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Wisdom of the Saints about Satan

“Be eager for more frequent gatherings for thanksgiving [Eucharist] to God and His glory, for when you meet thus, the forces of Satan are annulled and his destructive power is cancelled in the concord of your faith.” St. Ignatius of Antioch (1st-2nd centuries)

‎”The devil is afraid of us when we pray and make sacrifices. He is also afraid when we are humble and good. He is especially afraid when we love Jesus very much. He runs away when we make the Sign of the Cross” St. Anthony of Egypt (3rd-4th centuries)

“Empowered by God’s blessing man held a lofty position. He was appointed to rule over the earth and everything on it. His form was beautiful, for he was created as an image of the archetypal beauty. In nature he was free from passion, for he was a copy of Him Who is without passion. He was wholly free and open, reveling in the direct vision of God. But all this was fuel to the flames of the adversary’s passionate envy. He could not fulfill his purpose by violence or brute force, for the power of God’s blessing was stronger than such force. So he contrived to detach man from the power which strengthened him and thus to render him an easy prey to his intrigue.” St. Gregory of Nyssa (4th century)

“Because God did not make evil, and the devil’s villainy introduced it, God postponed vengeance so that the devil could be overcome by those very persons whom he had deceived.” St. Ambrose of Milan (4th century, Doctor of the Church)

“Lifted up on the cross, therefore, Christ turned death back onto the one who gave rise to it.” Pope St. Leo the Great (4th-5th centuries, Doctor of the Church)

 
“Yes, the devil indeed has powers to persuade and in the last resort to terrify, and even to cause serious annoyance, if God permits it. We have to beg the Lord for the virtue which will stop the devil’s smooth tongue from trapping us or his rough tongue from breaking us.” St. Augustine of Hippo (4th-5th centuries, Doctor of the Church)

 
“The devil is most happy when he can snatch from a servant of God true joy of spirit. He carries dust with him to throw into the smallest chinks of conscience and thus soil one’s mental candor and purity of life. But if joy of spirit fills the heart, the serpent shoots his deadly venom in vain.” St. Francis of Assisi (12th-13th centuries)

 
“One day, while I was hearing confessions, a man came to the confessional where I was. He was tall, handsome, dressed with some refinement and he was kind and polite. He started to confess his sins, which were of every kind: against God, against man and against the morals. All the sins were obnoxious! I was disoriented, in fact for all the sins that he told me, but I responded to him with God’s Word, the example of the Church, and the morals of the saints. But the enigmatic penitent answered me word for word, justifying his sins, always with extreme ability and politeness. He excused all the sinful actions, making them sound quite normal and natural… He continued this way with the sins that were gruesome against God, Our Lady, the saints, always using disrespectful round-about argumentation. He kept this up even with the foulest of sins that could be conjured in the mind of the most sinful man. The answers that he gave me with such skilled subtlety and malice surprised me. I wondered: who is he? What world does he come from? And I tried to look at him in order to read something on his face. At the same time I concentrated on every word he spoke, trying to discover any clue to his identity…But suddenly, through a vivid, radiant and internal light I clearly recognized who he was. With a sound and imperial tone I told him: ‘Say long live Jesus, long live Mary!’ As soon as I pronounced these sweet and powerful names, Satan instantly disappeared in a trickle of fire, leaving behind him an unbearable stench.” St. Pio of Pietrelcina (19th-20th centuries)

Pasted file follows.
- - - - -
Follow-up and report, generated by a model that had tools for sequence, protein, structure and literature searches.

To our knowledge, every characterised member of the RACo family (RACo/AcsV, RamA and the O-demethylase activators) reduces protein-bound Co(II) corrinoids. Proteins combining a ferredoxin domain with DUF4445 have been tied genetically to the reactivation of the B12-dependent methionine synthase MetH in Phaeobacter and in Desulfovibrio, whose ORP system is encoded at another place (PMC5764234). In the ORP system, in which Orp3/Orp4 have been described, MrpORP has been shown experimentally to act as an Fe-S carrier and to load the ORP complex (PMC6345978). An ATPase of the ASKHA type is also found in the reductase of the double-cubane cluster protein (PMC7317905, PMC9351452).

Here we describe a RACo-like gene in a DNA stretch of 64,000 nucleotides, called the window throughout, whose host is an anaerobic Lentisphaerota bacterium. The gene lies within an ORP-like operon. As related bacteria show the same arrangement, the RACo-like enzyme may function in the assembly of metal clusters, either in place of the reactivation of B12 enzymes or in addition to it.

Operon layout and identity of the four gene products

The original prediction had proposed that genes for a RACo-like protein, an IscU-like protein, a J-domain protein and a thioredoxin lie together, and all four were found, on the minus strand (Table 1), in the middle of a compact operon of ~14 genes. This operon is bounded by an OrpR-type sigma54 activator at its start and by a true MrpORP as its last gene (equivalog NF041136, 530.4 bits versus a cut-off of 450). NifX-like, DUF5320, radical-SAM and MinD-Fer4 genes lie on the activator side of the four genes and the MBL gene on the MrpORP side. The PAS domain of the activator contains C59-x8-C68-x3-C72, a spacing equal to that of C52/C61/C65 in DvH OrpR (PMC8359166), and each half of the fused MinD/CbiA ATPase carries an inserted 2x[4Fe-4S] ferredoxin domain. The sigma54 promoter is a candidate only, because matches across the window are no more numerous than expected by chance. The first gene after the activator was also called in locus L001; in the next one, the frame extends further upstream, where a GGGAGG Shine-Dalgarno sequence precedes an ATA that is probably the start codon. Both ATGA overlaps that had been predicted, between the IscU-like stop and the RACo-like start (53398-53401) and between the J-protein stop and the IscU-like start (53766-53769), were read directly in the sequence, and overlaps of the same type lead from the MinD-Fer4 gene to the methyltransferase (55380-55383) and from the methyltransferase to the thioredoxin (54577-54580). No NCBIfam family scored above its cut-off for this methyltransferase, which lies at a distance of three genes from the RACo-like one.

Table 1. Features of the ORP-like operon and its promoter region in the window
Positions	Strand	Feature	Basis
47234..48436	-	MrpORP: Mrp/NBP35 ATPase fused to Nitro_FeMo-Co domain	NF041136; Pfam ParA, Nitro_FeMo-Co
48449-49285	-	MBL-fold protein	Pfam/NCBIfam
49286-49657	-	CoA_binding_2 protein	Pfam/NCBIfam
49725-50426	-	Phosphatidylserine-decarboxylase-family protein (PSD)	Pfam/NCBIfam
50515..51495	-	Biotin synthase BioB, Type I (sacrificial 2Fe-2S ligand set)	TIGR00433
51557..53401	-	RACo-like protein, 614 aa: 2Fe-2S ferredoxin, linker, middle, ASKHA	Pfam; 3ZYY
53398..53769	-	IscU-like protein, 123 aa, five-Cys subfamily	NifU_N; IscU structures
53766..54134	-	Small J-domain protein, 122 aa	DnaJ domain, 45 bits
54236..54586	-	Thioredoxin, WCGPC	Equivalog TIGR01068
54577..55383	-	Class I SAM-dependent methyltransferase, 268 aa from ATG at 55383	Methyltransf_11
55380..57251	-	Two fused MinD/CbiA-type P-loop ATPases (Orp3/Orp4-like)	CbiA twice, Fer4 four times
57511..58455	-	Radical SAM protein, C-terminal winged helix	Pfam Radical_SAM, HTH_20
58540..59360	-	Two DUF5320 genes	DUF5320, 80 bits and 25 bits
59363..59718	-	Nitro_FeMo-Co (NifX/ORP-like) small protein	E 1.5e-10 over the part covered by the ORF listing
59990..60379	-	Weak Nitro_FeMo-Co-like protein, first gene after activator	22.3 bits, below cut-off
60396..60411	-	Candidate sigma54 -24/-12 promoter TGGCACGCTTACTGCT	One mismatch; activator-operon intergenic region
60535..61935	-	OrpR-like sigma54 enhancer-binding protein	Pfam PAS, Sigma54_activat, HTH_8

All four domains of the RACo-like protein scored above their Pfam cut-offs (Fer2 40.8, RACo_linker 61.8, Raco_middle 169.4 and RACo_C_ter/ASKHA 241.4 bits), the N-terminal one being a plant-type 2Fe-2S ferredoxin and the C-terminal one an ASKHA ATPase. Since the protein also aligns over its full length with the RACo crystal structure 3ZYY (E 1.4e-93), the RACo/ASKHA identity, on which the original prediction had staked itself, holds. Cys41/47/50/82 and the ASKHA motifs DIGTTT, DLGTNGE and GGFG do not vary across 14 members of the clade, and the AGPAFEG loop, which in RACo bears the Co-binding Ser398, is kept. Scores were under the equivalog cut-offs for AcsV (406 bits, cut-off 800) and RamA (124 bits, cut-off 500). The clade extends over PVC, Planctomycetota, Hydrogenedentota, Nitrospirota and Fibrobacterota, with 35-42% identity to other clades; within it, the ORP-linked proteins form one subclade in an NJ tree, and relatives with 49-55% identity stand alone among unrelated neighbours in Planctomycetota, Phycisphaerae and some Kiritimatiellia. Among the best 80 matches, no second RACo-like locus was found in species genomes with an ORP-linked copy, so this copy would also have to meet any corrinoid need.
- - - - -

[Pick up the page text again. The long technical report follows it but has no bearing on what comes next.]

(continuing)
“I hear Satan grinding his teeth. He cannot stand God’s mercy.” St. Faustina Kowalska (20th century)

 

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